reflections on teaching November 8

Reflections on Teaching: From Surviving to Thriving

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Editor’s Note: In part one of this article, the author shared openly some of the mistakes he made early in his teaching career. In this entry, he outlines some of the changes he’s made to his teaching over the years and the principles he uses to guide his teaching.

I had known it all along at some level, but now it suddenly became glaringly obvious to me. Deep down, sometimes out of conscious reach, students want to be transformed and their lives made more useful, productive, and powerful. I added the following new goal to my personal mission statement:


teaching mistakes November 7

Reflections on Teaching: Mistakes I’ve Made

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I started teaching at American University at the age of 56 after a rewarding career as an environmental and wildlife film producer. That was almost ten years ago, and I’ll be the first to admit that I really didn’t know what I was getting myself into. I had never taught before and I wasn’t even sure where to begin. I had no teaching philosophy beyond some vague, unarticulated feeling that I wanted my students to do well. And so, I started asking lots of questions.


mission to teach November 6

Remembering Our Mission to Teach

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Have you ever become so frustrated with students and overwhelmed by your workload that you start questioning what you are doing? At times it can feel suffocating. Baruti Kafele, an educator and motivational speaker offers a perspective of being mission oriented to educators and others working with young people in our nation’s classrooms. He suggests affirming your goals and motivations to facilitate successes among students. However, in the college classroom, it is also essential that we, as faculty members, remember and affirm our purpose, acknowledge the contributions we make in students’ lives and professional pursuits, and respect the call or passion that brought each of us to the teaching profession.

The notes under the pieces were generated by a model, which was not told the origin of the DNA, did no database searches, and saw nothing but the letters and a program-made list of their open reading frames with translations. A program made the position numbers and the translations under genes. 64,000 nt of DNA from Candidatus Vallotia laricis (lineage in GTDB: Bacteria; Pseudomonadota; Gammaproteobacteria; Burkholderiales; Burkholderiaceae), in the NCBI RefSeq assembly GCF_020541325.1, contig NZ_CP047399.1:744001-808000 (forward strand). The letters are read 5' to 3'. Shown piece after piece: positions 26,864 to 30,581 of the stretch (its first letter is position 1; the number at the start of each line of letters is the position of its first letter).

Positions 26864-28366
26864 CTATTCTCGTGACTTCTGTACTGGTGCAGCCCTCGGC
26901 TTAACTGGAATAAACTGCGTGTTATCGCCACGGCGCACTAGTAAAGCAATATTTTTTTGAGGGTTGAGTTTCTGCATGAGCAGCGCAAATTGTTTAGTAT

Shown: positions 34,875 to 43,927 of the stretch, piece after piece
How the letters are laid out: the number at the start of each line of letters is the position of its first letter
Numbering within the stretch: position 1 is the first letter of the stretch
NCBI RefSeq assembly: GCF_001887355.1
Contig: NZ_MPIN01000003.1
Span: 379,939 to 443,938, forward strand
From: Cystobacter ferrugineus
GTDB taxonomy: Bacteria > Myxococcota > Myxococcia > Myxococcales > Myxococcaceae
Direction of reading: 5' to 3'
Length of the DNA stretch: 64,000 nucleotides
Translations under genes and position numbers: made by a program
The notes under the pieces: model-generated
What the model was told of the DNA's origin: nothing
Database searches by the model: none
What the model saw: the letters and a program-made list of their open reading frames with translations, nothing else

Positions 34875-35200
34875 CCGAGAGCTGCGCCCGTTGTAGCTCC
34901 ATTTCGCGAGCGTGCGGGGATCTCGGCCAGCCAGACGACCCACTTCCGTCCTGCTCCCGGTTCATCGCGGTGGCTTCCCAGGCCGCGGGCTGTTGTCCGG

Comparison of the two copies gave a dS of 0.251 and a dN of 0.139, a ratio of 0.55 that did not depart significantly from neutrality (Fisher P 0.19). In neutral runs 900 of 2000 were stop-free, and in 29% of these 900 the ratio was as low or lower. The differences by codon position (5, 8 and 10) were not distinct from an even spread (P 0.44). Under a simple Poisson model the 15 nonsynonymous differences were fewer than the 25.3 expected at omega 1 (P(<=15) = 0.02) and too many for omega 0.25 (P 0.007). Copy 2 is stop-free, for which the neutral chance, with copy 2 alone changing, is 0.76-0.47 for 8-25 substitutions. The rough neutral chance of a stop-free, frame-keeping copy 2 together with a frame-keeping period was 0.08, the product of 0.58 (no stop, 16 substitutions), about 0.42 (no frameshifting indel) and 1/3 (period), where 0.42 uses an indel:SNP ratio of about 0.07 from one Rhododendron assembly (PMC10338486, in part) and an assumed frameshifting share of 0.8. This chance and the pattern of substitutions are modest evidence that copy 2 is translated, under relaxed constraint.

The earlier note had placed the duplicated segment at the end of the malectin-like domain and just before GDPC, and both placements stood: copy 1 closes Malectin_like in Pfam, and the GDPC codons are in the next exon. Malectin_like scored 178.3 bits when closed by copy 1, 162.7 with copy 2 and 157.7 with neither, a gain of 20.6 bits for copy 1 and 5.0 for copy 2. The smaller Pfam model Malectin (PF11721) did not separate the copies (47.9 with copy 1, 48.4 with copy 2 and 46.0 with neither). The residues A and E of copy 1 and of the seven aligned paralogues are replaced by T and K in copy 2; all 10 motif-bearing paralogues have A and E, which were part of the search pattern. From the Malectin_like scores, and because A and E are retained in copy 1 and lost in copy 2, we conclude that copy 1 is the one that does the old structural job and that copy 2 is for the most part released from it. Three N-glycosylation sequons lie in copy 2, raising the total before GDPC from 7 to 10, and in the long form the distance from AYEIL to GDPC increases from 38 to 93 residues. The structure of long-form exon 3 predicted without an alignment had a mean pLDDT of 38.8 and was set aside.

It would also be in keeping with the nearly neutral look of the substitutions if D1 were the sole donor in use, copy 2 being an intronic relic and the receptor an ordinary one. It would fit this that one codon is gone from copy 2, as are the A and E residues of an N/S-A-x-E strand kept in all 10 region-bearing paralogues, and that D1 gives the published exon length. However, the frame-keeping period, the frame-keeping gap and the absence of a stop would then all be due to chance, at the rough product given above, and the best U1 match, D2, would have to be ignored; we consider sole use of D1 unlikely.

instructional risk-taking July 19

Taking Risks in Your Teaching

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Often in workshops when I’m speaking about the process of implementing change—deciding what to change and how to change it or considering whether to add a new instructional strategy—the question of risk lurks in the choices being considered. When attending a workshop or program that offers a range of instructional possibilities, teachers typically respond to some favorably. I see it—they write down the idea, nod, or maybe ask a follow-up question to be sure they understand the details. Not all the ideas presented get this favorable response. Occasionally, the response is overtly negative. But more often there is no response. The idea doesn’t resonate.


learner-centered teaching February 14

Is My Teaching Learner-Centered?

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It’s hard to say—we have no definitive measures of learner-centeredness or even mutually agreed upon definitions. And yet, when we talk about it, there’s an assumption that we all understand the reference.

Teaching Professor Blog My friend Linda recently gave me a beautifully illustrated children’s book that contains nothing but questions. It reminded me how good questions, like beams of light, cut through the fog and illuminate what was once obscured. And so, to help us further explore and understand what it means to be learner-centered, I’ve generated a set of questions. For the record, these questions were not empirically developed, and they haven’t been validated in any systematic way. However, they do reflect the characteristics regularly associated with learner-centered teaching.